1. The monuments conflict with not only a fashionable narrative, but with a determined project of myth-making. The priority inferred from some who would pull down statues of abolitionists and saints and Abraham Lincoln, in addition to the Emancipation Memorial, is that blacks are responsible for their own emancipation. The abolition of slavery, they would have us believe, was not the result of changing attitudes and moral and ethical evolution (and a civil war), but a continuation of the Haitian Rebellion. The myth to be created provides that non-Africans had a singular role in the history of slavery, and that role did not include anything having to do with its end.

2. The destruction of statues is not so much concerned with hiding painful episodes of history, as it is with contesting the right of the dominant culture to define that history. When the President of Notre Dame covered up the Ligourian murals of Christopher Columbus, he was not covering up the history of 1492, but rather the history of 1885, when the murals were painted. Likewise, pulling over the Emancipation Memorial is an exercise in repudiating the post-bellum era, because the actual history conflicts with irrational demands of what it should have been.

3. Wanton destruction always has a constituency among the affluent and bored who have a nagging fear that they will eventually be disappointed in themselves.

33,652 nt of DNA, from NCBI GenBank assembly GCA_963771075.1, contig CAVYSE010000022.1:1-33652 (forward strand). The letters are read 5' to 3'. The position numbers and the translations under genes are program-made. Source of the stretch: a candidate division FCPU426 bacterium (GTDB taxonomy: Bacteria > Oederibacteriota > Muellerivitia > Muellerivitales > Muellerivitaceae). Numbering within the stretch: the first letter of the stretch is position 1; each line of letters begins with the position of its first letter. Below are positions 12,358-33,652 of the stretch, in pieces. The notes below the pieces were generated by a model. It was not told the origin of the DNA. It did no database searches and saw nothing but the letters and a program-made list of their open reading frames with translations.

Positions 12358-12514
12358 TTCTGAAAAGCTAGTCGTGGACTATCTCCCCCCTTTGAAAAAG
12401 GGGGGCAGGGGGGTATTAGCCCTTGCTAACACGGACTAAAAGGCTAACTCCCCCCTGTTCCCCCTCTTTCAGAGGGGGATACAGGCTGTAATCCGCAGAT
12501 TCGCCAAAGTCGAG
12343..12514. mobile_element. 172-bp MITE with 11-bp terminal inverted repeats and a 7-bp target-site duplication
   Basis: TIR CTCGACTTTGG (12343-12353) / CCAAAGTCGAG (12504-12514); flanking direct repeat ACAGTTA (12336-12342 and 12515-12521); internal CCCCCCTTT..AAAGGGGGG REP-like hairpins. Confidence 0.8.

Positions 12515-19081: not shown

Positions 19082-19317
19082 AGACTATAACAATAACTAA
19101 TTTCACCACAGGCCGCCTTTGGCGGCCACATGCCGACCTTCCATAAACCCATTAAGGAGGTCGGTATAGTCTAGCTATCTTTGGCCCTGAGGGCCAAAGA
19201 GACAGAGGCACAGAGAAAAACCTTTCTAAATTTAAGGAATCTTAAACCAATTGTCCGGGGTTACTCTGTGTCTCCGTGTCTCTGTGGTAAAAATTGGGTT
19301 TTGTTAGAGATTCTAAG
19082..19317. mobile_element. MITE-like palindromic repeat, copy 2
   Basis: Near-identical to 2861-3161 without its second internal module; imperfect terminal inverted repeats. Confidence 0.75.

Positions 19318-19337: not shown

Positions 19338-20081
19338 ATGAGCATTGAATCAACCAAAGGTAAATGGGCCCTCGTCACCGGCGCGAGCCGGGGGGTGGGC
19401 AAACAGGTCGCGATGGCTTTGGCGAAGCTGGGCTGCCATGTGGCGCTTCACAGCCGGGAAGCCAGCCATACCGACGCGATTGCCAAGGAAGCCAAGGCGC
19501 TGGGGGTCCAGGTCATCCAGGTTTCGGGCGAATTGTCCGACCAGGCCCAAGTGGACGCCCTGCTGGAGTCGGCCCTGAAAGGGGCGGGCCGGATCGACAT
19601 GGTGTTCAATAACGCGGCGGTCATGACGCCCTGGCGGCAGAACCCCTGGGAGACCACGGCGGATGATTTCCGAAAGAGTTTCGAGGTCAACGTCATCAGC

4. One viral video depicted a hysterical white female screeching at a dignified black man protecting the Emancipation Memorial. She wailed that "they should be on the same side" and could not begin to grasp why they, in fact, were not. What was noticeable in this interaction is that the shrieking, nearly hysterical white woman did not need the statue to come down to promote racial justice, she needed it to come down to provide a climax in the emotional drama that she mistook for reality. The statue was merely a prop in the heroic epic of which she is the only significant character. She not only needed the statue to come down, she needed the opposing black man to need the statue to come down as well. The statue needed to come down for the same reason that people with OCD wash their hands repeatedly: that there is an irrational anxiety that cannot be tamed in the ordinary course of dealing with the world as it is, and demands a compulsive focus on rituals and perseverations that are ultimately pathological. She could not explain what good would come of removing the statue, because only the anxieties and obsessions that shaped her internal drama demanded it.